Copper kills bacteria on transit surfaces
BC pilot shows copper 99.9% effective on high-touch surfaces Metal Tech News – March 4, 2021
Last updated 7/10/2022 at 3:08pm
Coating high-touch public transit surfaces with a layer of copper is a highly effective way to kill bacteria on busses, subways, trains, and other metropolitan transport, according to the results from a five-week pilot carried out on TransLink busses and SkyTrain cars in Vancouver, British Columbia.
Funded by Teck Resources Ltd., a Vancouver-based mining company, the copper-surface pilot is a first of its kind in North America. Based on sample-testing, the trial concludes that select copper products on transit are durable and kill up to 99.9% of all bacteria within one hour of contacting the surface.
"These results reinforce the effectiveness of copper's antimicrobial properties in killing germs and contributing to better public health," said Teck Resources President and CEO Don Lindsay.
Copper is the only solid metal touch surface registered as a public health product by Health Canada and the U.S. Environmental Protection Agency, proven to naturally eliminate up to 99.9% of bacteria and viruses.
In a previous study that is part of Teck's ongoing Copper & Health program, the Vancouver Coastal Hospital confirmed copper's durability and infection control benefits in a hospital setting.
Results from this and other previous studies that show copper is both durable and effective at killing viruses and bacteria is what prompted TransLink to launch the copper pilot program as part of its response to COVID-19.
Vancouver Coastal Health was a partner and carried out the microbiological sampling during the copper transit pilot.
"This project has been an incredible opportunity for our team to export our expertise and experience on self-disinfecting materials from the health care setting to our community," said Dr. Marthe Charles, a medical microbiologist at Vancouver Coastal Health. "We were pleased to see that the results from the trial were in line with our previous studies in the hospital setting and are excited to further our understanding of the application of copper and its antimicrobial properties on public transit."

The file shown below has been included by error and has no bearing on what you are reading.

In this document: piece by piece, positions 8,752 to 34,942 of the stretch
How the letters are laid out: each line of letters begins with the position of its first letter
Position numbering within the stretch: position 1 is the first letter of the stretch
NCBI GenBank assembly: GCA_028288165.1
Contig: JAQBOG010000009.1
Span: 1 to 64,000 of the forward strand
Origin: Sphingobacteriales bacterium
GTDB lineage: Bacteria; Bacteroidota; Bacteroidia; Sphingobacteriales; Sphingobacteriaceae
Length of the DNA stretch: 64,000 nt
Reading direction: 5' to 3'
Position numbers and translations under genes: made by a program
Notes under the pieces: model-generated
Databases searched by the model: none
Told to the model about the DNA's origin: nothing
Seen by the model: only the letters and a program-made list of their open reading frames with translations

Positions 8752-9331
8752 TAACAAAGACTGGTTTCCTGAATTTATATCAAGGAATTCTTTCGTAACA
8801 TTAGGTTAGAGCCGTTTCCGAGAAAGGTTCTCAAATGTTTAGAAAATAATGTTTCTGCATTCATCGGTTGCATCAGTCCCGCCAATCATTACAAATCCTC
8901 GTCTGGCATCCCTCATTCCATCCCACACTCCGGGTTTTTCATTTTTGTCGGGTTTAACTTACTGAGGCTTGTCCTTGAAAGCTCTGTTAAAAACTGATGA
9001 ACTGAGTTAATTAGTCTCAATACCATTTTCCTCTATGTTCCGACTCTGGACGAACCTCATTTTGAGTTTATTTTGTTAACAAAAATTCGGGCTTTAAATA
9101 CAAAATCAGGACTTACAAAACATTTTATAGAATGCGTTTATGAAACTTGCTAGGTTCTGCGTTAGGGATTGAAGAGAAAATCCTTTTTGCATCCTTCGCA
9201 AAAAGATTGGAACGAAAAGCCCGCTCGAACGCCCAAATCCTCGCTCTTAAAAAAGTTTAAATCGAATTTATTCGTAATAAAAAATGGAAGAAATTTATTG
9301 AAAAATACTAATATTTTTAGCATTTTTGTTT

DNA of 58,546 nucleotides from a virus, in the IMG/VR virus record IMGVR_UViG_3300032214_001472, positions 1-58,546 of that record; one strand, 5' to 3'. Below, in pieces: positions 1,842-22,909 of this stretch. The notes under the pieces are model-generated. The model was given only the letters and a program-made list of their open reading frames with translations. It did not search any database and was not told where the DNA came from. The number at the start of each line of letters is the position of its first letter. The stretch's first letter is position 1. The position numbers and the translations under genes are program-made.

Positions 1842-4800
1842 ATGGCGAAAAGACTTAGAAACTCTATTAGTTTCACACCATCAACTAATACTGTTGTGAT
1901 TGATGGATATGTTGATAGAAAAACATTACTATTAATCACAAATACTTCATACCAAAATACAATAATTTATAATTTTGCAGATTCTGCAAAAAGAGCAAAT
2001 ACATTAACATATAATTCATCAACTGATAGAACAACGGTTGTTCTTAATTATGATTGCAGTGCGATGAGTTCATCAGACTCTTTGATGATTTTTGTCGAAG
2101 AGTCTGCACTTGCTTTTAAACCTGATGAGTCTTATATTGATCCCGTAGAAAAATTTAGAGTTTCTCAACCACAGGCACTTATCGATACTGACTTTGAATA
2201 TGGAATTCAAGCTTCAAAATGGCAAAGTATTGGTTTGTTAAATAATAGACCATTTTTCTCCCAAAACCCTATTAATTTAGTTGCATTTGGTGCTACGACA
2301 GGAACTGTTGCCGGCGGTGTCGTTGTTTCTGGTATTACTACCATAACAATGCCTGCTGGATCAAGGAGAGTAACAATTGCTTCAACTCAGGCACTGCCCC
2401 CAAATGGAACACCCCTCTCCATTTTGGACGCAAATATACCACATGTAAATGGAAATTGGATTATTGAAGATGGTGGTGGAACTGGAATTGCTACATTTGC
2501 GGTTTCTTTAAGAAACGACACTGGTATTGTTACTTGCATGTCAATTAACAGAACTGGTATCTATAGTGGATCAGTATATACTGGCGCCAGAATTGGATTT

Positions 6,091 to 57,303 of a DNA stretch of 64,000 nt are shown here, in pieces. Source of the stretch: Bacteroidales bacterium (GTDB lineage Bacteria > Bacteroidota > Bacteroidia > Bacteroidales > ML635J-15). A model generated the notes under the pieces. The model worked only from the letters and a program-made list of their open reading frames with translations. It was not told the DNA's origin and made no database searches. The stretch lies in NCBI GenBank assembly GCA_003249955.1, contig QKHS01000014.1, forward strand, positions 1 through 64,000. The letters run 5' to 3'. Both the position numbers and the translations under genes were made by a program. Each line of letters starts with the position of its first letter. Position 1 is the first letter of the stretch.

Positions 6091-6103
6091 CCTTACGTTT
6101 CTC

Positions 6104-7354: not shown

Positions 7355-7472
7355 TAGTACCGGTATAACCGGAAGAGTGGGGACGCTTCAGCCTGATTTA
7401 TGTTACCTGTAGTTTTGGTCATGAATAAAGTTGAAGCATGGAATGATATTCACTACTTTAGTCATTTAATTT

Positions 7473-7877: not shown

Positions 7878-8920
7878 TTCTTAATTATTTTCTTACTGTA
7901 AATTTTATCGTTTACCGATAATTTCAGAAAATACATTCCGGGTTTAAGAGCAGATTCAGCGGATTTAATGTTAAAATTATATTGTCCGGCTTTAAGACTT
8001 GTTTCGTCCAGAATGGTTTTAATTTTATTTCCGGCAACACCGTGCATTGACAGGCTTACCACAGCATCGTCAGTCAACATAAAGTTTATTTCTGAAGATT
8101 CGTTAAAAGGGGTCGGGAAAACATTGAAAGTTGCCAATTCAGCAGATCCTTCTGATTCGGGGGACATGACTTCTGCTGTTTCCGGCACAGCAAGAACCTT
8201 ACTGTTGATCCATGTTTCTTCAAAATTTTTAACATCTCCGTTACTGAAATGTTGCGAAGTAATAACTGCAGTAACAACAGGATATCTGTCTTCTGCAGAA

The University of British Columbia, another partner in the copper pilot, carried out the durability testing.
Both the antimicrobial and durability performance of copper met TransLink's hopes as it seeks better ways to safeguard the health of passengers.
"We are excited about the positive results in the first phase of our copper pilot and look forward to finding out more about copper's impact on viruses such as the ones that cause COVID-19 in the pilot's second phase," said TransLink interim CEO Gigi Chen-Kuo. "This research could help us, other transit agencies, and anyone with surfaces in shared public spaces keep high-touch areas as clean as possible."
To be launched in the coming months, the second phase of the pilot will verify the initial results by equipping additional transit vehicles with copper.
Teck says it will help support this expanded program.
"Through our Copper & Health program, Teck has been working with healthcare professionals, academia, and others to help make communities safer with copper," said Lindsay. "We look forward to continuing to work with TransLink and all the partners and working to expand the use of copper on public high-touch surfaces to protect human health."